It is known that Folkes communicated some papers on Roman Archaeology to the learned Societies in England, of which he was a member, prepared during his residenceat Rome. The pyramid of Cestius, at that city, is outsidethe walls of Nero, but within those of Aurelian ... What connection this has with Freemasonry, or with the Sphynx in the foreground, or the legend, which is from the Aeneid, vi. 641, with either, I confess myself unable to discover. I am inclined to think these emblems were therefore selected from the mystery with which they were surrounded, and with some allusion to the well known antiquarian tastes of Folkes. The pillars on either side of the entrance, which have no actual existence at the pyramid, may allude to the well known emblems, and with the date, evidently Masonic, are the only means by which we can connect this Medal certainly with the Fraternity.
This is Wiki on Martin Folkes.
Mackey, Encyclopedia of Freemasonry, 314-5, has a few more details on Folkes:
Of the Masonic life of Folkes, we have but few records. In 1725, he was appointed Deputy Grand Master of the Grand Lodge of England … Anderson says that he presided over the Grand Lodge in May of that year … But he held no office afterwards; …
Of his alleged connection with London Lodge no. 78, and a lodge in Norwich, I could find no mention. (I tried to find out more about London Lodge no. 78, but with little success. It would have helped if the Lodge's name could have been provided - but presumably this wasn't available. I was unable to find a present day London Lodge 78. Such Lodges as I can find with this number tend to be based in the north of England, so would have no connection with London Lodge no. 78. In the early part of the 18th century, however, Grand Lodge (formed in 1717) was struggling to keep control of Lodges in London and the provinces (Knoop & Jones, Genesis of Freemasonry, 1947, p 186-190). Possibly London Lodge 78 was amalgamated with another Lodge, and re-numbered.)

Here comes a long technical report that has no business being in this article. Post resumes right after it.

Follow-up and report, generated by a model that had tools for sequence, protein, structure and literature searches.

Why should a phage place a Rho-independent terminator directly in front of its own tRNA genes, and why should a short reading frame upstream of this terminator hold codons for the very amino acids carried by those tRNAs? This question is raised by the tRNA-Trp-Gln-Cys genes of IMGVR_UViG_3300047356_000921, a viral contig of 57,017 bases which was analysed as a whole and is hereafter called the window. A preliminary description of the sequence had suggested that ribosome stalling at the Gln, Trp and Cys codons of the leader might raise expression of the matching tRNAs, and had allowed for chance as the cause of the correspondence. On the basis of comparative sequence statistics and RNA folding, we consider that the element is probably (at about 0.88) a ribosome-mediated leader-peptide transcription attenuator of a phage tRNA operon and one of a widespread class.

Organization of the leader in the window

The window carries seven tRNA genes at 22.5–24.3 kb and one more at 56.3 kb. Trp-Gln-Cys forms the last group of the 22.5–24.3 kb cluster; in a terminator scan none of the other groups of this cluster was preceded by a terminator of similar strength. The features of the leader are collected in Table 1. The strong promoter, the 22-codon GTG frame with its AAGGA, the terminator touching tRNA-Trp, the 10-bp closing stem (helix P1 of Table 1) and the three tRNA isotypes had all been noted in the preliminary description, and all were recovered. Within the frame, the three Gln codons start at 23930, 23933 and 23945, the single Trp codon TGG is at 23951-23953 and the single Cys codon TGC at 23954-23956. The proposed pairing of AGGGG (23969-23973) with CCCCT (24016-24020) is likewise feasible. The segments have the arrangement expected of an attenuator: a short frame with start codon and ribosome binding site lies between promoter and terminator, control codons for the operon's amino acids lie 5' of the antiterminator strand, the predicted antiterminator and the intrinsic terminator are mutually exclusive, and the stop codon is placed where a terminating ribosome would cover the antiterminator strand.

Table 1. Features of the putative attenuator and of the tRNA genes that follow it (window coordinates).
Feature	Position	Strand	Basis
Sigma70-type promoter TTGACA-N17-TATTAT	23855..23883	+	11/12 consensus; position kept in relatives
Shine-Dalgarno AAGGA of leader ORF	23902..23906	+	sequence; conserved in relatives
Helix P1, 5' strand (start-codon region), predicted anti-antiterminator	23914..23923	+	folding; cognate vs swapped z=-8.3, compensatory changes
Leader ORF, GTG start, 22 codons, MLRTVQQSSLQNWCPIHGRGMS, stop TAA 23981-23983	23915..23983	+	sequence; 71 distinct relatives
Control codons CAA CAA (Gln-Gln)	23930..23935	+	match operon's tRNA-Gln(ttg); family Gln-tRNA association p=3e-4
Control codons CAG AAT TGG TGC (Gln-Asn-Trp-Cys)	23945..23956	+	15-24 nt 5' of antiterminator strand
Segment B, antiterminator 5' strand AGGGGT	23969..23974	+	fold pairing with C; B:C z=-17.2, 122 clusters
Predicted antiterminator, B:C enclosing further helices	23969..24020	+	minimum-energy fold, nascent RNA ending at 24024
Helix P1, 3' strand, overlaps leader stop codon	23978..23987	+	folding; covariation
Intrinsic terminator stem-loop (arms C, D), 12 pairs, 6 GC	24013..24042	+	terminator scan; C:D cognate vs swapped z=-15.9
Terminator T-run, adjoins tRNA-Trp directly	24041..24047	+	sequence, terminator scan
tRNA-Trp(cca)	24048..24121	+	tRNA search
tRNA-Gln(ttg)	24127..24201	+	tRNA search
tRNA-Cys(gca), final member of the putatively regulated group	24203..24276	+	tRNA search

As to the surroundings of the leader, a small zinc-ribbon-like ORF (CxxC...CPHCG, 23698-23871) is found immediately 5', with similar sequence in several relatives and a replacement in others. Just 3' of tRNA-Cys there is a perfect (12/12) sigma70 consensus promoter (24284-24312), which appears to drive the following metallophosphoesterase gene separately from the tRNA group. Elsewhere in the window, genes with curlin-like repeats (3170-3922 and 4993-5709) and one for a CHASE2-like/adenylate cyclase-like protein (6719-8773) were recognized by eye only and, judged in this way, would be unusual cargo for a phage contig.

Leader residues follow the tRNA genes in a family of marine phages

Turning to the quotation Sva Sidera Norvnt, this, as stated by Marvin, is a quotation from Virgil's Aeneid, 6:641. Book 6 narrates Aeneas' visit to the underworld. What Virgil is describing, and what the quotation pertains to, is an imagined underworld that, being deprived of daylight, has its own sun, moon - and stars - to provide illumination:
largior hic campos aether et lvmine vestit
pvrpvreo, solemqve svvm, sva sidera norvnt. Aeneid 6:641
So your statement that: 'SVA SIDERA NORVNT translates as “His own constellations have acknowledged him, ”in reference to the Masonic concept of the “Grand Architect,” God.' cannot be correct.
Nor can the pyramid on the medal be a reference to the Great Pyramids of Giza, or to "a pyramid angled at 23.5°". The pyramid in question, as we've seen, is actually that of Cestius, in Rome, reflecting Folkes' antiquarian interests - and, as we are reliably assured here, the slope of the pyramid of Cestius is not 23.5 degrees.
Edited: Add page nos.
Post Edited (18-Aug-13 22:06)